Welcome to the latest edition of This Week in Pensions! As we do most weeks, we have gathered the best stories about pensions and retirement security from the previous week. This is the news you need to know in the fight for a secure retirement.

Here are this week’s top stories:

  • Christie signs bill requiring N.J. to make quarterly pension payments by Matt Arco: in a victory for working families, Gov. Christie signed legislation that will require the state of New Jersey to make contributions to the public pension funds each quarter, instead of just once a year. Putting money in the funds earlier in the year gives more time for those contributions to earn investment returns. It’s projected the legislation could save the state $13 billion over the next 30 years.
  • Retirement plans healthy, well-managed in Minnesota by Doug Anderson, Laurie Hacking, and Erin Leonard: the executive directors of Minnesota’s three largest public pension systems detail the benefits pensions provide not just to pensioners, but the whole Minnesota economy. As they point out, Minnesota’s public pensions are well-funded and generate a substantial amount of economic activity in-state each year.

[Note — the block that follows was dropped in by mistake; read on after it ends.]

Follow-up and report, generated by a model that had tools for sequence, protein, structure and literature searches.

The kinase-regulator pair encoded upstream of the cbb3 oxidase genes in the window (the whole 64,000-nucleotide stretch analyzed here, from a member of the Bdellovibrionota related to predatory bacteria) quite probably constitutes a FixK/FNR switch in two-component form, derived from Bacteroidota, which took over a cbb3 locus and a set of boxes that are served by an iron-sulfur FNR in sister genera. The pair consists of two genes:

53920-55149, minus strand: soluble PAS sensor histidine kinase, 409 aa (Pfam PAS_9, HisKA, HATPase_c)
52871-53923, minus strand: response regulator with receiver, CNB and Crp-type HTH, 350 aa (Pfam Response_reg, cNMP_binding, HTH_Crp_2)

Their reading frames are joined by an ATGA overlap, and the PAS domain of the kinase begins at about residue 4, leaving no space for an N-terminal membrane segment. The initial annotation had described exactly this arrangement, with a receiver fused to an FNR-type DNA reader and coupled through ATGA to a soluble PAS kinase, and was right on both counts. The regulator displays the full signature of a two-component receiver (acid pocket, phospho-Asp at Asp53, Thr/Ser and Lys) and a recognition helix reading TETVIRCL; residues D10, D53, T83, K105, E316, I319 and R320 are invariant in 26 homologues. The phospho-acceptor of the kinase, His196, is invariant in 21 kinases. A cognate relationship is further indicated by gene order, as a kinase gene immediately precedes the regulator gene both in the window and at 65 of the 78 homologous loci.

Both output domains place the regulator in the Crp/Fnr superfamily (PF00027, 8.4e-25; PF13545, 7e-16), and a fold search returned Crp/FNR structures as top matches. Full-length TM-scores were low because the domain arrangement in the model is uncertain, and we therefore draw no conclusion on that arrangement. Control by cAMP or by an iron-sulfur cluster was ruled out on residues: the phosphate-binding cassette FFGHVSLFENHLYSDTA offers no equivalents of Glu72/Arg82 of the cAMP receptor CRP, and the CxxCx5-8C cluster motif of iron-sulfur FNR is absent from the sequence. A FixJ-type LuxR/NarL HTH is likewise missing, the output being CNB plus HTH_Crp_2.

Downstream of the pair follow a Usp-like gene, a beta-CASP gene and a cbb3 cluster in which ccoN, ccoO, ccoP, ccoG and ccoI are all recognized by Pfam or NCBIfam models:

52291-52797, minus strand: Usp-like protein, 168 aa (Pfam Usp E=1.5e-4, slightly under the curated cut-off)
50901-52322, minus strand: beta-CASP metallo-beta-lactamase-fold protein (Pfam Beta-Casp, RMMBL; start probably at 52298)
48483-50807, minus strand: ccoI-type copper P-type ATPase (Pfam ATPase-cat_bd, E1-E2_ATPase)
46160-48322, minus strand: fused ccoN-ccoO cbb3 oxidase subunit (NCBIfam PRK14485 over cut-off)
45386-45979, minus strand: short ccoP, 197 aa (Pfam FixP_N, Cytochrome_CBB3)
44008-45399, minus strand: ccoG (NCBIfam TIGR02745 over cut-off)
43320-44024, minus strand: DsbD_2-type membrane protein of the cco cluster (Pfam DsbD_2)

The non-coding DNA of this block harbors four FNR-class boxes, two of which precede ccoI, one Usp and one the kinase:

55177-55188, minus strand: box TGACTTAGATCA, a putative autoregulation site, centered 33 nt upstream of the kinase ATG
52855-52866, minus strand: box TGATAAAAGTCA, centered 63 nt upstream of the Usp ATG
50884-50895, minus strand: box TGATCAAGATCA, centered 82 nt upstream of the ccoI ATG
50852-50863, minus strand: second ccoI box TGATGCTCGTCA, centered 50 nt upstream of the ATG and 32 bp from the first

• Dallas police and fire pension plan problems caused by extraordinary decisions by Alicia Munnell: the director of the Center for Retirement Research writes that the problems plaguing the Dallas Police and Fire Pension Plan are unique and not representative of the challenges facing other public pension plans. Unusual investment decisions, chronic underfunding by the city government, and an extremely generous DROP program created a perfect storm in which the pension plan was trapped. She concludes: “In short, the Dallas Police and Fire situation is an extreme case and tells us little about public plans in general.”
  • Only bankers stand to gain from gutting IPERS by David Thede: Thede challenges a recent Quad-City Times editorial and points out that the financial industry are the only ones who stand to gain if Iowa teachers and other public employees are forced into risky and unreliable 401(k)-style accounts. Iowa’s public pension system is one of the strongest in the country. Abandoning a system that provides a secure retirement for working families would be a mistake.
  • Keep those public employee pensions promises by John McTighe: the “California Rule” is a long-recognized legal precedent that says pension benefits promised the day an employee is hired must be preserved because they are a vested, contractual right. McTighe argues that the California Supreme Court must uphold this important legal principle.

We’ll be taking a couple of weeks off for the holidays, but be sure to check back in early January for the latest news in the fight for a secure retirement!